Optatio Reading Group: Latour’s “Compositionist Manifesto”

“The nuance I want to outline is that between progress and progressive. It is as if we had to move from an idea of inevitable progress to one of tentative and precautionary progression.”

“Compositionism takes up the task of searching for universality but without believing that this universality is already there, waiting to be unveiled and discovered …. From universalism it takes up the task of building a common world; from relativism, the certainty that this common world has to be built from utterly heterogeneous parts that will never make a whole, but at best a fragile, revisable, and diverse composite material.” (474)

“With critique, you may debunk, reveal, unveil, but only as long as you establish, through this process of creative destruction, a privileged access to the world of reality behind the veils of appearances. Critique, in other words, has all the limits of utopia: it relies on the certainty of the world beyond this world. By contrast, for compositionism, there is no world of beyond. It is all about immanence.” (475)


In my reading, Latour makes the case for “compositionism” as an alternative approach to modernist notions of progress. A “compositionist” is one who puts things together from heterogeneous parts; but those parts don’t lose their partness, i.e., they “[retain] their heterogeniety” (474).

Observation is what seems to be called for in this piece, but not observation that presupposes or is agenda driven.  A kind of “searching” without “believing” (474). I wonder if it’s fair to say that Latour’s calling for an inquisitively skeptical stance with an epistemology rooted in composing and decomposing rather than a reactionary (loaded word, I know) critical stance with an epistemology rooted in mysticism and revelation.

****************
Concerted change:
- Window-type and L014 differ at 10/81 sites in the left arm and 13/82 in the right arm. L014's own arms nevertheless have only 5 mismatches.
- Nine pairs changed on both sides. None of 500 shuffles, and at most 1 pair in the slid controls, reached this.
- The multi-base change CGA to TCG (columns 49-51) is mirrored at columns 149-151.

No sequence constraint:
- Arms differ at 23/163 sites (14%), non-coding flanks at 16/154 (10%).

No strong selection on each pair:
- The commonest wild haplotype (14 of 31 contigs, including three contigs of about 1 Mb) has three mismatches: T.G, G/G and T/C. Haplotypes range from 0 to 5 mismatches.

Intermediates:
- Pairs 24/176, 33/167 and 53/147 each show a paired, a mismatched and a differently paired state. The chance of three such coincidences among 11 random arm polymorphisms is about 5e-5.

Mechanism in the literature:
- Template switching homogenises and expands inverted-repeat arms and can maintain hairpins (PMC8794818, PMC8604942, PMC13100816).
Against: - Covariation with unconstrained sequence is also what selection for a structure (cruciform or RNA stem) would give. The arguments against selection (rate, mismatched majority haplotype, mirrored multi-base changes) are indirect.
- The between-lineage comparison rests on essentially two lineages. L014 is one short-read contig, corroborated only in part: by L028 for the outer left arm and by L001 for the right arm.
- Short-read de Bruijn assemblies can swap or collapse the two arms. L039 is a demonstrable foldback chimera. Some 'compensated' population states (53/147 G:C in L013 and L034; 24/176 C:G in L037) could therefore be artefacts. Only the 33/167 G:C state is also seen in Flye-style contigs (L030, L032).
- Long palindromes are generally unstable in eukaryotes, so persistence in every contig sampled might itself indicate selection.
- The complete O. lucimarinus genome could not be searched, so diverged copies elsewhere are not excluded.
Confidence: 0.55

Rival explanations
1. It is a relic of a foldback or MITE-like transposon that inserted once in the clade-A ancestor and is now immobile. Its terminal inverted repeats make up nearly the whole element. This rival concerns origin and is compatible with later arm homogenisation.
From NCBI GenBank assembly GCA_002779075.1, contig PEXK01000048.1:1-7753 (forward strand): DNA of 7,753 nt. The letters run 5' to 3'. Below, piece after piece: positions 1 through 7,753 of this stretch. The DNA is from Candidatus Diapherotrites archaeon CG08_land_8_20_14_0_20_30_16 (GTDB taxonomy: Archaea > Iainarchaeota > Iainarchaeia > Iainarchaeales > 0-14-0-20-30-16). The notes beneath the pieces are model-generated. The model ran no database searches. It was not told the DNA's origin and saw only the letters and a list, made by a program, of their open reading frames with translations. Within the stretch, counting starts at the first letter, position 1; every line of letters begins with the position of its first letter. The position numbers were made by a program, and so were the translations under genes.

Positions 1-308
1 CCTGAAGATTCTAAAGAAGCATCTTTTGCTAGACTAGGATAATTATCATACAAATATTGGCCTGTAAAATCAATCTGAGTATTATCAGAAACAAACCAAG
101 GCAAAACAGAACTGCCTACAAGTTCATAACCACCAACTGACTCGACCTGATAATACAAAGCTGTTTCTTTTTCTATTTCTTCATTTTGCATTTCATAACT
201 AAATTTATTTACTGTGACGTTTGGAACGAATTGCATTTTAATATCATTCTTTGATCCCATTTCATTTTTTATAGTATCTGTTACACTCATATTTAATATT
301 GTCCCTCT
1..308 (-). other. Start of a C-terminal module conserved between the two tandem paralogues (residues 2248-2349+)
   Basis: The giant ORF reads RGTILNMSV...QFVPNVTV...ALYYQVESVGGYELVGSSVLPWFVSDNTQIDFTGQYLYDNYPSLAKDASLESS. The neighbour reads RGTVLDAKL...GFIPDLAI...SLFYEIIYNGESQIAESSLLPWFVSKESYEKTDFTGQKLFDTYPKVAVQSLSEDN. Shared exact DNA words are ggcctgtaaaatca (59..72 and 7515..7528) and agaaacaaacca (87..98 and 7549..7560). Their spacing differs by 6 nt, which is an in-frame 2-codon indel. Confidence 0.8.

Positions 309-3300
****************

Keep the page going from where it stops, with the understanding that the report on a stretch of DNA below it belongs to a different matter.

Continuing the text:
Compositionists are reassemblers.  Compositionism searches for the successor to “nature”.

A key distinction Latour makes here is not whether things (like climate science) are constructed or not constructed; rather, the important point is how well or badly something (like climate science) is constructed.  Interesting potential application to composition studies.  I’m reminded of Johnson-Eilola and Selber’s “Plagiarism, Priginality, Assemblage” (2007) piece that argues for a reassessment of one of the most privileged tenets of in writing instruction, namely originality.  Is an essay full of original ideas or not?  That question might be subordinated to the question of whether an essay was composed well or not, irrespective of ideas that may be either original or reappropriated.

Latour continues with an examination of where Modernism finds (and doesn’t find) agency.  ” For purely anthropocentric—that is, political—reasons, naturalists have built their collective to make sure that subjects and objects, culture and nature remain utterly distinct, with only the former having any sort of agency.” (483)  Compositionists call for a more “material … mundane … immanent … realistic … embodied” (484) definition of the material world in order to “compose a common world.” (484)





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